Thursday, 2 May 2013

Defining Moments OR Notes on the Psychology of Perception...

How many time have you heard someone say about someone that he or she doesn’t stand a chance of succeeding at this or that because they are too small or too tall, too young or too old, not well enough known or connected or not good looking enough or don’t have enough experience or qualifications.etc…?

Ah, but never underestimate the powers of the human spirit or be too quick to dismiss the old adage, ‘Where there’s a will, there’s a way.’

Now, I am not a religious person, but was raised as a Christian and know my Bible. I have since learned that all the Holy Books have much in common; God is a hero, humanity heroic, and everyday life recognised for what it is, the greatest story ever told.


I watched a small red boat
riding waves on a big blue sea;
suddenly, it occurred to me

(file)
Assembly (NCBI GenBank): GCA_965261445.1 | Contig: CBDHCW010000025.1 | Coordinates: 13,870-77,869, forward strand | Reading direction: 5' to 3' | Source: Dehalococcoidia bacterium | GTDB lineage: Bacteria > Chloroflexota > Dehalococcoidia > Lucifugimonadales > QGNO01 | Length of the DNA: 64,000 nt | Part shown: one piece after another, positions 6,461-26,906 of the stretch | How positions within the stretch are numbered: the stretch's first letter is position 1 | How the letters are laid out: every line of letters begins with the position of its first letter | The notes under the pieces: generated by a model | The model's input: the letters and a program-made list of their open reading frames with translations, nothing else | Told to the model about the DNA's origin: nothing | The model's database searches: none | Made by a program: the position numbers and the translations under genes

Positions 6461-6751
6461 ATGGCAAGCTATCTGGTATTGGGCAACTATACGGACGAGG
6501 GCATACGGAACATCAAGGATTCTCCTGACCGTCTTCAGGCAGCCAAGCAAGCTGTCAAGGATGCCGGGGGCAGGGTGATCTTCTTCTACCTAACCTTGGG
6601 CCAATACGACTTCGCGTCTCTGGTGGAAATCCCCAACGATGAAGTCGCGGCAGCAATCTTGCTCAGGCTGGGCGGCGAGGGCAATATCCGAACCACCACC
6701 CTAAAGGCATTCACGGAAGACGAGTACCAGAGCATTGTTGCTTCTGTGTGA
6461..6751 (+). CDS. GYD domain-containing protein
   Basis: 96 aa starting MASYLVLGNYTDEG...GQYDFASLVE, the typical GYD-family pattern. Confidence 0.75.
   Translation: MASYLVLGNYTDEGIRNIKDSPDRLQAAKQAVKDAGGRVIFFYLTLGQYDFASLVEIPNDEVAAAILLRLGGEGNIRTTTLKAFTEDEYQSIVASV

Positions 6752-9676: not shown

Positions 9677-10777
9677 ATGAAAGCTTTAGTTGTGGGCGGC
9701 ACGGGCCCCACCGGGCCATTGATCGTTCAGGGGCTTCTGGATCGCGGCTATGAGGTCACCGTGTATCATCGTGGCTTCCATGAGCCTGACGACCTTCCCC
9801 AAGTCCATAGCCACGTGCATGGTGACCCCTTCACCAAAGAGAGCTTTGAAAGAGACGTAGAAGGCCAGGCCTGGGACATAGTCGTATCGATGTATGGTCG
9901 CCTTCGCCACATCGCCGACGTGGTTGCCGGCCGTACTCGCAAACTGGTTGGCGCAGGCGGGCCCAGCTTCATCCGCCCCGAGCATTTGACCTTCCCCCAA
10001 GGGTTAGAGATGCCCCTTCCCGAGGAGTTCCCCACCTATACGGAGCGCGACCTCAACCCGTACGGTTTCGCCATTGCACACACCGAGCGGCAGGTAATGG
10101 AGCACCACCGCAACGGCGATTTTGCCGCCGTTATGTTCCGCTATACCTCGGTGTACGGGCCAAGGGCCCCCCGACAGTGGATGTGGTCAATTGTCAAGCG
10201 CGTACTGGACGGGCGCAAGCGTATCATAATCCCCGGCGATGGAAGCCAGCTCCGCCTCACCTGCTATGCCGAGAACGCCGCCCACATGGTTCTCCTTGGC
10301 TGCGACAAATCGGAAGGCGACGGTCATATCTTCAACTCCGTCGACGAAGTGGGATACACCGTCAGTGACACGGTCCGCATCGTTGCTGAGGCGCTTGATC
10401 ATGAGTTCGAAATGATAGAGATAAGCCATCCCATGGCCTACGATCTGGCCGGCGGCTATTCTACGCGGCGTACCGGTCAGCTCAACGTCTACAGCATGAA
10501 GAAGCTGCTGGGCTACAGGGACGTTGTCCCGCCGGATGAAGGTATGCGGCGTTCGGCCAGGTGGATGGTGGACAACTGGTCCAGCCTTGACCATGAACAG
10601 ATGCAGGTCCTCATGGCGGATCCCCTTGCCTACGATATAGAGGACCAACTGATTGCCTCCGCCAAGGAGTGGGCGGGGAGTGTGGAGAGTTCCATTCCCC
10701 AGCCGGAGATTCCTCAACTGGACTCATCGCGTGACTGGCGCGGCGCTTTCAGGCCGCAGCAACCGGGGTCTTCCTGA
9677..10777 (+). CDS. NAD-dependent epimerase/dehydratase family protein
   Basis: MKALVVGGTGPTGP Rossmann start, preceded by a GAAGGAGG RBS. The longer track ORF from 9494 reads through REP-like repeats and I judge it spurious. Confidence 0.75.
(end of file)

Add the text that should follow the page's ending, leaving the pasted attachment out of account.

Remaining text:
that small can be big, depending
on whatever our perception,
a popular misconception being
that little is helpless against
a far mightier charge, as small
is to large. Who cannot recall
tales of David  against Goliath
and Samson beating Delilah
at her own game, taken for fools
on a roll call of heroes

Who knows? Sailors on a small
red boat may yet prove themselves
equally worthy. Let’s not forget
that who laughs last laughs longest
nor is best always found among
strongest, for where wisdom lies
and purpose, sheer will defies
any need to avoid where lions feed
as Daniel in the den discovered
and young Isaac to the block tied,
wise men, too, and shepherds
mo less blind to the art of metaphor
than Paul on the Damascus road

A small red boat in a storm
may well defy all odds against
fending off its cries and fury,
come into its own, return home
(as I stay muzzled at the helm
of a grander vessel by far, deemed
fated to follow orders and trust
in my betters to always know best?)
For good or ill, let’s take a turn 
at the Wheel and chance surviving
the re-telling of a tale already
re-worked by idiots, all but lost
and signifying next to nothing

Copyright R. N. Taber 2004; 2011; 2018

[Note: An earlier version of this poem appears as ‘Fools’ Paradise’ in The Third Eye by R. N. Taber Assembly Books, 2004; revised ed. in e-format in preparation.]

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